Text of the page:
Tuesday, July 8, 2014
When An Artist's Work Ends Up For Sale In A Thrift Store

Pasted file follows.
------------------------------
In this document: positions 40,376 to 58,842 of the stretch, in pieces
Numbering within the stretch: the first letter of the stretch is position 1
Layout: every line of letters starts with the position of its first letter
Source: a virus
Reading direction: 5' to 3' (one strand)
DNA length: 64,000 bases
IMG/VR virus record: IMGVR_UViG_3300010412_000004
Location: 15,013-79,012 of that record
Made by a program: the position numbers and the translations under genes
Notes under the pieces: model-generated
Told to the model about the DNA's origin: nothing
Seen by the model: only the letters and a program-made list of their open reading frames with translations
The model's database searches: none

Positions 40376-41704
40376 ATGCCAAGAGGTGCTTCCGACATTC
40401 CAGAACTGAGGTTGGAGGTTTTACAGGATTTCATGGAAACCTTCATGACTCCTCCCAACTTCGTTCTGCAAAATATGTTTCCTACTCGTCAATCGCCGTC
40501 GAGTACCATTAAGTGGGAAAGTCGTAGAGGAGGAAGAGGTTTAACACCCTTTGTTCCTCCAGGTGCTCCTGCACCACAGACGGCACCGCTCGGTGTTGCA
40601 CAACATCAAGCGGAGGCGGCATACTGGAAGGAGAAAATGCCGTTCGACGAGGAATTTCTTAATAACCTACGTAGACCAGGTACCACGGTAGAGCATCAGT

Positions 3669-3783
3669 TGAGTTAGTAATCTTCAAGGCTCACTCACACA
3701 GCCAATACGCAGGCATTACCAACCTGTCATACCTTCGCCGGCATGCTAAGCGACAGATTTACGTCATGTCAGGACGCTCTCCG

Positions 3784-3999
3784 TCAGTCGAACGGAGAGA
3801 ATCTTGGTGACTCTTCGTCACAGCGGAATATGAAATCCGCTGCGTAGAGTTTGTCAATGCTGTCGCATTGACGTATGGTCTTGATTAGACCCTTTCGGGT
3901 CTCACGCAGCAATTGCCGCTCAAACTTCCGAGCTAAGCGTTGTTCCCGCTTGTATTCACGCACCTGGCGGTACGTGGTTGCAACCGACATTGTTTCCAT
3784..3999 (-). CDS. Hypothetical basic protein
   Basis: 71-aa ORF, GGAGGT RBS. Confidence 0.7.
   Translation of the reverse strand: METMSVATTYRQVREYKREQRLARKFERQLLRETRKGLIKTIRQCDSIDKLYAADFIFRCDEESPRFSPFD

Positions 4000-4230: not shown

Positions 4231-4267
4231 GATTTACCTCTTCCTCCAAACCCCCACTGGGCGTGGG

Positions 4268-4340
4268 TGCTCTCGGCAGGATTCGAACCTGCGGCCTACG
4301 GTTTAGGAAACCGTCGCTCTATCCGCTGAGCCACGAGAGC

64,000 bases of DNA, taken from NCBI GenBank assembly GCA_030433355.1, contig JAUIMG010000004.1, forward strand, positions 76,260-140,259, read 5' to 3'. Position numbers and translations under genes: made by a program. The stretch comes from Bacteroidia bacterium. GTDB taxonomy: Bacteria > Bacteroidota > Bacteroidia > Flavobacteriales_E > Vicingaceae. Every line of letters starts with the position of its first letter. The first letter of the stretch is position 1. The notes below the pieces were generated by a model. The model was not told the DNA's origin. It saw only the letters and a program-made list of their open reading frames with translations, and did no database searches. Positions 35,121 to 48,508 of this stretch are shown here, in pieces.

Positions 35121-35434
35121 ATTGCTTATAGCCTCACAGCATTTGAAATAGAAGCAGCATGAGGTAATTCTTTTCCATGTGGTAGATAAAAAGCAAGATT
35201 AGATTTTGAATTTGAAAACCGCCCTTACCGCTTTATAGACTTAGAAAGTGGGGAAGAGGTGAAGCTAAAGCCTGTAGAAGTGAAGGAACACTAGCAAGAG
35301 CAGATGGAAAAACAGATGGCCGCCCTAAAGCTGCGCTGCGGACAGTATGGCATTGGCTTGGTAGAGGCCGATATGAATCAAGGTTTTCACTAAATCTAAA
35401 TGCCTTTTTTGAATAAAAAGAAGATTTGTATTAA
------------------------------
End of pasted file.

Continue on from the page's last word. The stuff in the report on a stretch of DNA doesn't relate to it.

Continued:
Thrift Store Art Story How is an Artist Supposed to Feel when His Art Turns Up for Sale in a Thrift Shop? Lex Loeb Contributor Network . I walked into the William Temple Thrift Shop today just for the heck of going inside with no particular interest in buying anything . The girl I know who works behind the counter calls out my name telling me she has good news and bad news. That put me a little off guard. I don't need any bad news. What that I asked. She tells me that one of my old paintings was just donated to the thrift shop and she asked how I feel about it. I said something like "it sounds good to me--there is no bad news in that. It has happened before." The last time one of my paintings turned up for sale in the William Temple thrift shop a friend told me what a cheap price she bought it for. I would have bought it myself if I saw it there at that price. This time I asked how much it was and was told it was not priced yet. I asked to have a look at it curious which painting it was, as I can hardly remember all the paintings i have sold over the years. "Its a painting called Shirley Temple of the 80s and its from 1984. I will bring it out and show you." She brings it out and I do sort of recognize it. It was an experimental piece with 3 dimensional Plexiglas laminations on the surface in the style of elaborated side margin doodle. It really was not a bad piece but it is one that suffered from a crack in its surface that might reduce its value. The painting had a gallery price tag on the back suggesting it might have been sold for $55.00 . I said i would roughly appraise it for the thrift shop and said that it might be worth $55 still but that they were more likely to get $15 for it because of the crack in the Plexiglas surface. I was trying to be honest. I am pretty expert on pricing thrift shore junk and art so I probably got the price right. The painting went back into the back room and out of view till pricing after that. What is funny is to think about where the painting has been all these years that someone just now suddenly decided to abandon it by donation to a thrift shop. I also think it is interesting where it might go next. I can see that it is a painting that is not exactly one that many people will cherish like a Thomas Kinkade print. I would buy it back if it were $3 because I would know I could resell it for $20 or more but If i were to buy it I might be tempted to repaint parts of it rather than leaving it in it;s original state. Fortunately it was not yet priced to sell. I told the sales girl that if I wanted my art in a thrift shop I would just come in again and price it secretly leaving it on shelves as I have done that before in my own private placement schemes. Maybe the painting will sell and get donated to a different thrift shop a few years from now? Better than ending up in the land fill I guess? Who knows maybe someone cheap and influential could buy it and it could end up next to the Mona Lisa on a museum wall? More like like accidentally hanging on the interior wall of a dumpster? Some day I could bring a whole bunch of art down to the thrift shop and have an exhibition there. I could either price it and secretly put it out for sale or just donate it and see how they price it? If not William Temple Thrift Shop, Maybe Goodwill? I really should get to work on a thrift shop exhibition. .